In 2015, OSHA is increasing it’s enforcement staff to focus on protecting whistleblowers, non-compliant safety incentive plans, repeat and serious violations and underreporting of injuries and illnesses.
Federal Whistleblower complaints filed with OSHA in 2014 jumped to over 3,000, a steady climb for the past ten years. Employers should review their policies to proactively prevent retaliation against an employee for whistleblowing. Fines and penalties for whistleblowing are significant. Employers are prohibited from retaliating against employees who raise various protected concerns or provide protected information to the employer or the government. Employees who believe that they have been retaliated against for engaging in protected conduct may file a complaint with the Secretary of Labor.
2015 California Whistleblower Laws SB 496 Labor Code section 1102.5 provides whistleblower protections for employees who have reason to believe that their employer is violating a federal or state statute. SB 496 expands whistleblower protections to include reports alleging a violation of a local rule or regulation. It also protects employees who disclose, or may disclose, information regarding alleged violations “to a person with authority over the employee or another employee who has authority to investigate, discover or correct the violation. Finally, SB 496 prohibits retaliation against an employee because the employer “believes the employee disclosed or may disclose information.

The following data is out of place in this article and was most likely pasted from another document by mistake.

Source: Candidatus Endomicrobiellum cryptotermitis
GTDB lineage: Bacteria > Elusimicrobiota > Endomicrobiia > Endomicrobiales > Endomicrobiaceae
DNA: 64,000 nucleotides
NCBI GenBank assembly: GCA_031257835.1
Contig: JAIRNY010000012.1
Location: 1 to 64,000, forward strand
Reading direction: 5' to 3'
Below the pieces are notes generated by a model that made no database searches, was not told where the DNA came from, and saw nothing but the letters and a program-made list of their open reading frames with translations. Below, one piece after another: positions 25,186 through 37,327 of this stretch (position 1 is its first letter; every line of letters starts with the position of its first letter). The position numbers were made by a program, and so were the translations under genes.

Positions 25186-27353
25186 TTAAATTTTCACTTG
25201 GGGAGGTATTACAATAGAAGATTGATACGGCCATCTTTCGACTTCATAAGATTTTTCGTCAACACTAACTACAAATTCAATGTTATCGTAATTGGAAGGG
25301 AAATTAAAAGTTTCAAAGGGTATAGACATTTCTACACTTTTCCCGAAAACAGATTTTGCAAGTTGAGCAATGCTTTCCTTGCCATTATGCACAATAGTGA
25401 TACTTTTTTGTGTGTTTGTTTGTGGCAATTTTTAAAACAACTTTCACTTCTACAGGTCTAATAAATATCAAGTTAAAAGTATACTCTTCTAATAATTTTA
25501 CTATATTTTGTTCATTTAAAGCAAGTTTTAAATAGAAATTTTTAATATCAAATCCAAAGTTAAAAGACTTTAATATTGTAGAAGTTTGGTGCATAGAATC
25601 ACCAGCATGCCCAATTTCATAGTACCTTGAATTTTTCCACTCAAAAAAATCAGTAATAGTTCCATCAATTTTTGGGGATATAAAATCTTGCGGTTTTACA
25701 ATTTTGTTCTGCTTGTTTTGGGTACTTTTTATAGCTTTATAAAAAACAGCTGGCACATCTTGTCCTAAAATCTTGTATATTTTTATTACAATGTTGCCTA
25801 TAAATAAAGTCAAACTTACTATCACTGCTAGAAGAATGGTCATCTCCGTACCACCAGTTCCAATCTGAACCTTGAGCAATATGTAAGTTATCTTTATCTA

Underreporting – Giving of safety awards for no incidents/accidents over a specific periods of time is viewed by OSHA as contributing to the underreporting of workplace injuries and close calls. To guard against underreporting, we recommend that all supervisor safety awards be based upon two factors:
(1) 50% – Conducting specific safety activities (eg trainings, inspections, incident investigations, etc)
(2) 50% – Meeting benchmarked safety goals
Willful and Serious Violations – Employers are responsible for taking the necessary precautions to protect workers’ health and safety. A willful violation is one committed with intentional knowing or voluntary disregard for the law’s requirements, or with plain indifference to worker safety and health. A serious violation occurs when there is substantial probability that death or serious physical harm could result from a hazard about which the employer knew or should have known. Both willful and serious violations result in sizable fines and penalties.